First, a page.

Sunday, September 19, 2010


"Next in importance to freedom and justice is popular education, without which neither freedom nor justice can be permanently maintained." President James A. Garfield, whose life ended on this day, 19 September, 1881, thanks to Charles Guiteau, his assassin

So, dang – had I had the will to write anything yesterday OR the day before, I'd have noted here that yesterday was the 301st birthday of English writer Samuel Johnson. And if Greta Garbo was still alive, she might well have been feeling too old and puny yesterday, bless her, to have celebrated her 105th birthday.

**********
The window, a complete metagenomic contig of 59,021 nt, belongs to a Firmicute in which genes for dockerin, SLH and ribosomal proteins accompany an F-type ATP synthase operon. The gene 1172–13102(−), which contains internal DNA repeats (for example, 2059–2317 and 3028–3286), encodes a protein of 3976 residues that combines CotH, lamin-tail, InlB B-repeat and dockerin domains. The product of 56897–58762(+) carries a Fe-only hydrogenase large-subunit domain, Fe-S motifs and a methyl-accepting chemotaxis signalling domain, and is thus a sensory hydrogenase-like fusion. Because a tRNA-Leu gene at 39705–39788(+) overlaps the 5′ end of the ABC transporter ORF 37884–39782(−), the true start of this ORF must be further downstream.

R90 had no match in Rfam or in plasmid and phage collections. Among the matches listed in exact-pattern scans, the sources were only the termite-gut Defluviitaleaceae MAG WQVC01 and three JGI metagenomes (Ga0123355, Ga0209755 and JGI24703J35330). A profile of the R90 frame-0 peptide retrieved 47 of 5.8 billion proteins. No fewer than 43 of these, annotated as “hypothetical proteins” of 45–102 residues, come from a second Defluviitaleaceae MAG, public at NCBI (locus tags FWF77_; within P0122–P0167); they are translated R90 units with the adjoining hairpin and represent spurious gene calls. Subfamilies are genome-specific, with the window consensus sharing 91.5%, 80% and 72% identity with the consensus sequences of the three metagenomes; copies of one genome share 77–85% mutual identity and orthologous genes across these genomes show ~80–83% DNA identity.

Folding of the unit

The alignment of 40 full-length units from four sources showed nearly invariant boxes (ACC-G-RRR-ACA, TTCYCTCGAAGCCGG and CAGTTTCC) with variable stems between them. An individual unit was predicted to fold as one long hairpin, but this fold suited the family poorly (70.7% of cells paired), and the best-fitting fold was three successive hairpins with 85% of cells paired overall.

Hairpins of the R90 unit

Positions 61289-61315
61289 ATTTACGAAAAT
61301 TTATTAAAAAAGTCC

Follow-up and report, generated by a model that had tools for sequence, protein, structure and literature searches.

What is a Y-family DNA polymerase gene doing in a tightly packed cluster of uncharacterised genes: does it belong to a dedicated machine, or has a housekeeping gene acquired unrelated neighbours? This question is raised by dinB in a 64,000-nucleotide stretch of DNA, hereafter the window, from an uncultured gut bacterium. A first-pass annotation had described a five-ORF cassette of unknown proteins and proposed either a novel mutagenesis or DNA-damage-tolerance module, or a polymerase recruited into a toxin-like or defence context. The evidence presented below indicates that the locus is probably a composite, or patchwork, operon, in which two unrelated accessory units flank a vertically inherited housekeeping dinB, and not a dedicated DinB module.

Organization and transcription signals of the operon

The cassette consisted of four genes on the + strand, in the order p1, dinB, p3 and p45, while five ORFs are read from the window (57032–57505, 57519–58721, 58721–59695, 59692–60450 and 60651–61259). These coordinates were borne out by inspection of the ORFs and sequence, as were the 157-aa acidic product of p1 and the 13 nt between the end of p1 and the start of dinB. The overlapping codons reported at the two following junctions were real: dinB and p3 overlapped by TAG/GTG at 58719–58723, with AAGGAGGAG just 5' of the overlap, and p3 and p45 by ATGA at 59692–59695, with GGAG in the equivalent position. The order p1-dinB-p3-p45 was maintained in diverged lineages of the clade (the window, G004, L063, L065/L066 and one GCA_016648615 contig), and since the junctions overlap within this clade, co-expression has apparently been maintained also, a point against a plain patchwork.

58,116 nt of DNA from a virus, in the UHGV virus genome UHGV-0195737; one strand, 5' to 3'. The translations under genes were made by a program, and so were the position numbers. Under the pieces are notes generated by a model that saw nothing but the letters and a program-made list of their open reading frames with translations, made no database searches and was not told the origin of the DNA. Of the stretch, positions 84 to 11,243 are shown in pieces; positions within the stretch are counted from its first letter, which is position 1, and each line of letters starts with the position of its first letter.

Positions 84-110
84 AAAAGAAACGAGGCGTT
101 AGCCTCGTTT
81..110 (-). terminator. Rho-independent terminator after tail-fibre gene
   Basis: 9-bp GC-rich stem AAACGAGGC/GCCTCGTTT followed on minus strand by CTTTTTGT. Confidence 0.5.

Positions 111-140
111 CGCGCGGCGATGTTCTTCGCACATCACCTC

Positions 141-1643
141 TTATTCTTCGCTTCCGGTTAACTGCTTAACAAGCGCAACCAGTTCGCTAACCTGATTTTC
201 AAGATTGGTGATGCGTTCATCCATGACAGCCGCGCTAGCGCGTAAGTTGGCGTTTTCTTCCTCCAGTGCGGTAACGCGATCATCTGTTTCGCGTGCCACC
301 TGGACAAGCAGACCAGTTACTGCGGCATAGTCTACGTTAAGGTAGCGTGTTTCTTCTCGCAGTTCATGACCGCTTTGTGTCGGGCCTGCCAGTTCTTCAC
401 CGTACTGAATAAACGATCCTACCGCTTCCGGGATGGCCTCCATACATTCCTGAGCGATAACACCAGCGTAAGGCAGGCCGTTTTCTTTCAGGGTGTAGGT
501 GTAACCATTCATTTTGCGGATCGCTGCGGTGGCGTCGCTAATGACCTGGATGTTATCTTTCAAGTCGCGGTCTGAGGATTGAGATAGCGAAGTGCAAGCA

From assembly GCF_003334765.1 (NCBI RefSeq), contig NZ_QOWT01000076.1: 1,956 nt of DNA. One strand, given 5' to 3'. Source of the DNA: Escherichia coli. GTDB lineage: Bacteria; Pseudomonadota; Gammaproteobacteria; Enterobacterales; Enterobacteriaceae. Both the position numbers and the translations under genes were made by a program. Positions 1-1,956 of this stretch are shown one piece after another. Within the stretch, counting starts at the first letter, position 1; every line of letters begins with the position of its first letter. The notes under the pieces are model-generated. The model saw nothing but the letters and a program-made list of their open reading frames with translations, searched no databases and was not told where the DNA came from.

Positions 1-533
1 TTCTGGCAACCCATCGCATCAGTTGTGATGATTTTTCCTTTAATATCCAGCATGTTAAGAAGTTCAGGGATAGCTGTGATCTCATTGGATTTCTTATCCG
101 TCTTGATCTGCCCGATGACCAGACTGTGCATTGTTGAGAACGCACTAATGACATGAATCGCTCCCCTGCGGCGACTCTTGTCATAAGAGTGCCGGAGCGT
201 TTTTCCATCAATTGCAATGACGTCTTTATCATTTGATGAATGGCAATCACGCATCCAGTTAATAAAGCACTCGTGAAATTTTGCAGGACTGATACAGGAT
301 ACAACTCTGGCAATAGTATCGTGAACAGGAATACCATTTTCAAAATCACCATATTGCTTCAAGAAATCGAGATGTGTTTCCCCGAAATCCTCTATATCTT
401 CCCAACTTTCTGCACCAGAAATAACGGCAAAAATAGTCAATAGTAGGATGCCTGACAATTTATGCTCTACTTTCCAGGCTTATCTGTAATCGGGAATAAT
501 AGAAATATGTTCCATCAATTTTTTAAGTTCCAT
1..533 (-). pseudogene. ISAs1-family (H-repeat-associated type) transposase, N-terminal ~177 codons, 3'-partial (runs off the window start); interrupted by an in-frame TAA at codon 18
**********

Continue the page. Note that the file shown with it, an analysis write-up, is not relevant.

I meant to then did not note here that the 17th of September was Constitution Day, the anniversary of the cool clear Monday in 1787, in Philadelphia, PA, when 39 men [out of a delegation of 55] put their names to the newly-crafted Constitution of the United States. Our handmade government. Thousands had fought, campaigned, argued, lost their lives for the ideal of self-governance and have since that day. Plenty of folks were still alive 75 years later, when tens of thousands of Americans fought one another on September 17, 1862, at Sharpsburg, MD, for one another, for their home folks' way of life, and for that ideal. More than 26,000 American fighters were wounded, killed, or went missing that day in the Battle of Antietam. Just imagine.

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